The biologically active metabolite of vitamin D, 1,25-dihydroxyvitamin D(3) (1,25(OH)(2)D(3)) is a secosteroid whose genomic mechanism of action is similar to that of other steroid hormones and is mediated by stereospecific interaction of 1,25(OH)(2)D(3) with the vitamin D receptor (VDR) which heterodimerizes with the retinoid X receptor (RXR). After interaction with the vitamin D response element (VDRE) in the promoter of target genes, transcription proceeds through the interaction of VDR with coactivators and with the transcription machinery. The identification of the steps involved in this process has been a major focus of recent research in the field. However, the functional significance of target proteins as well as the functional significance of proteins involved in the transport and metabolism of vitamin D is also of major importance. Within the past few years much new information has been obtained from studies using knockout and transgenic mice. New insight has been obtained using this technology related to the physiological significance of the vitamin D binding protein (DBP), used to transport vitamin D metabolites, as well as the physiological significance of target proteins including 25-hydroxyvitamin D(3) 24-hydroxylase (24(OH)ase), 25-hydroxyvitamin D(3)-1 alpha-hydroxylase (1 alpha-(OH)ase), VDR, and osteopontin. The crystal structure of the DBP and the ligand binding domain of the VDR have recently been reported, explaining, in part, the unique properties of these proteins. In addition novel 1,25(OH)(2)D(3) target genes have been identified including the epithelial calcium channel, present in the proximal intestine and in the distal nephron. Thus in recent years a number of exciting discoveries have been made that have enhanced our understanding of mechanisms involved in the pleiotropic actions of 1,25(OH)(2)D(3).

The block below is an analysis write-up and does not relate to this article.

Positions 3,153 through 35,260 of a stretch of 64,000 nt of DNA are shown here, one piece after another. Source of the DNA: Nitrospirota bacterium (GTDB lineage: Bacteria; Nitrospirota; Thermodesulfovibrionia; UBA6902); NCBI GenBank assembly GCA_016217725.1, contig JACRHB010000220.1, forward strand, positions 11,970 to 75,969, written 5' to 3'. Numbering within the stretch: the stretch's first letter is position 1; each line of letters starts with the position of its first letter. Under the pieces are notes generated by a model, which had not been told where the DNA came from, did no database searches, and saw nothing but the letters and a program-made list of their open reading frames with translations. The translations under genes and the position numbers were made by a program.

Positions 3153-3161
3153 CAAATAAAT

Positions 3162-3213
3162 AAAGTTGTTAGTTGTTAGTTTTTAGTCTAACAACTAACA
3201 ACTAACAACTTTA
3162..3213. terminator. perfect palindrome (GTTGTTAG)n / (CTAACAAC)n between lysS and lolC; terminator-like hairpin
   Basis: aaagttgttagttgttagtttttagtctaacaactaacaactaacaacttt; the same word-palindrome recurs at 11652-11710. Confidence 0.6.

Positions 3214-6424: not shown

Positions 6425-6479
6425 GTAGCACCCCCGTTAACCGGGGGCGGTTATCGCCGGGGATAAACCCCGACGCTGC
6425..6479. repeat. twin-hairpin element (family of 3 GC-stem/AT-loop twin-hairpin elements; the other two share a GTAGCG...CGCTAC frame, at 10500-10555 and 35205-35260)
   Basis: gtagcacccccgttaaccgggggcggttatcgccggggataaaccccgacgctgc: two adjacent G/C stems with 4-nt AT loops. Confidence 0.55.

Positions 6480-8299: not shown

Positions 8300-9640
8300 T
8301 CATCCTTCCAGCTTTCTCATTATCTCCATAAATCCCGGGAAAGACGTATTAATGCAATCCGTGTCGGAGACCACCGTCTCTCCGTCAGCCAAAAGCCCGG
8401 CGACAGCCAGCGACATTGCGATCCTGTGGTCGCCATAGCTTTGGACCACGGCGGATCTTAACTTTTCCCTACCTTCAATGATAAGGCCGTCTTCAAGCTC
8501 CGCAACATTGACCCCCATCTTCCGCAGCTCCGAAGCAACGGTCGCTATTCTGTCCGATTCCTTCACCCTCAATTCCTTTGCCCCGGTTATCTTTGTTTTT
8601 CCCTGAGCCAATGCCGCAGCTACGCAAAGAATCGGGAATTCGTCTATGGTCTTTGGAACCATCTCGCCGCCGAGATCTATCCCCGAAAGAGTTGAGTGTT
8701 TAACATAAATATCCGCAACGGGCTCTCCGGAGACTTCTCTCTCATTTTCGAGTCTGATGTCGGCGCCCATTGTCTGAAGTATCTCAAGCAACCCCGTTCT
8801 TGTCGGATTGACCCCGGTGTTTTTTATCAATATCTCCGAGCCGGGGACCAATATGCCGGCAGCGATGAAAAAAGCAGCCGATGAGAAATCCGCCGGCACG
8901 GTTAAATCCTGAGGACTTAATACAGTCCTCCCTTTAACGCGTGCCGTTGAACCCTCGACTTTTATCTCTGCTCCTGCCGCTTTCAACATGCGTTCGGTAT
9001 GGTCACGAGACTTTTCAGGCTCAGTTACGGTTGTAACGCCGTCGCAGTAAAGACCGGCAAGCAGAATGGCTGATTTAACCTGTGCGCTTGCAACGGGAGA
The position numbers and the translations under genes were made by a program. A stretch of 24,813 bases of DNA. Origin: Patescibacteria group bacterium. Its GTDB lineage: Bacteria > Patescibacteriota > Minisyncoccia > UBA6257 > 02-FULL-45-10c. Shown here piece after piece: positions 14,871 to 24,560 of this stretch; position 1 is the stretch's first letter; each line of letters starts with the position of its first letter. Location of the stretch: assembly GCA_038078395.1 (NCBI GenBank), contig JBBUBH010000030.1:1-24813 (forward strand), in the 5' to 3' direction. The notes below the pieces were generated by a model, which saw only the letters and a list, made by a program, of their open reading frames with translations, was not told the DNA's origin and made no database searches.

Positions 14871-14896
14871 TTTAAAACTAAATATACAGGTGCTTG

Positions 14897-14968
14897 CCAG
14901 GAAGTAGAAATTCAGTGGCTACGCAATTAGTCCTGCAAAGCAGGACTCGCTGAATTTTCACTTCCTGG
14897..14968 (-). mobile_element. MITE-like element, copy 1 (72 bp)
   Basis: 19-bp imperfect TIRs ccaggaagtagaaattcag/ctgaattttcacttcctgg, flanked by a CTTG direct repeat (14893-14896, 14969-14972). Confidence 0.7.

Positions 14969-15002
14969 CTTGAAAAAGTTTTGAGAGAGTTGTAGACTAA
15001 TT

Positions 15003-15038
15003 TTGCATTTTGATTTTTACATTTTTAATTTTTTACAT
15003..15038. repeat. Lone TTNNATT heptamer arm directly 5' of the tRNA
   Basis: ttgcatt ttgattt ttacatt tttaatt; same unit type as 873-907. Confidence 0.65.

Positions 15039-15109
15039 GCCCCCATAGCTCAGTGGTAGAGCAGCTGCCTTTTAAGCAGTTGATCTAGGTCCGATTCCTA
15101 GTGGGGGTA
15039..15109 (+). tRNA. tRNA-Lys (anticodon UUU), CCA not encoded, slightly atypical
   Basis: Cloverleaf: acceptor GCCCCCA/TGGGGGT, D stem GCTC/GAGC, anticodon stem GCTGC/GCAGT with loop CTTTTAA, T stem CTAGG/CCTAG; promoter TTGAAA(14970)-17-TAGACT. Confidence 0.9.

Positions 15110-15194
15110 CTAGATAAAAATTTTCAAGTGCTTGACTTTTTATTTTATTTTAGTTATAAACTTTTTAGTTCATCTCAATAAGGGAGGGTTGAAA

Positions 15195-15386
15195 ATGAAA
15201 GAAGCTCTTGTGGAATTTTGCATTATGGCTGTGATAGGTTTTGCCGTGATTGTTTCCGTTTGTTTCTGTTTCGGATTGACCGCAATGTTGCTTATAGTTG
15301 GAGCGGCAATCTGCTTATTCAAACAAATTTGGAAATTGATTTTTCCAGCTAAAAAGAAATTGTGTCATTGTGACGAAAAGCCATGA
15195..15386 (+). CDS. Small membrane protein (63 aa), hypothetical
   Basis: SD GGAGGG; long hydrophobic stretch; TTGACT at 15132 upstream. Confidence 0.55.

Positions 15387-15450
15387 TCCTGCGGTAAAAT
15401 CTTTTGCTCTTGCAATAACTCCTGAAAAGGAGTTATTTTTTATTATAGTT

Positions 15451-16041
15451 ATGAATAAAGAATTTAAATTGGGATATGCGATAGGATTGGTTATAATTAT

Copyright 2002 Wiley-Liss, Inc.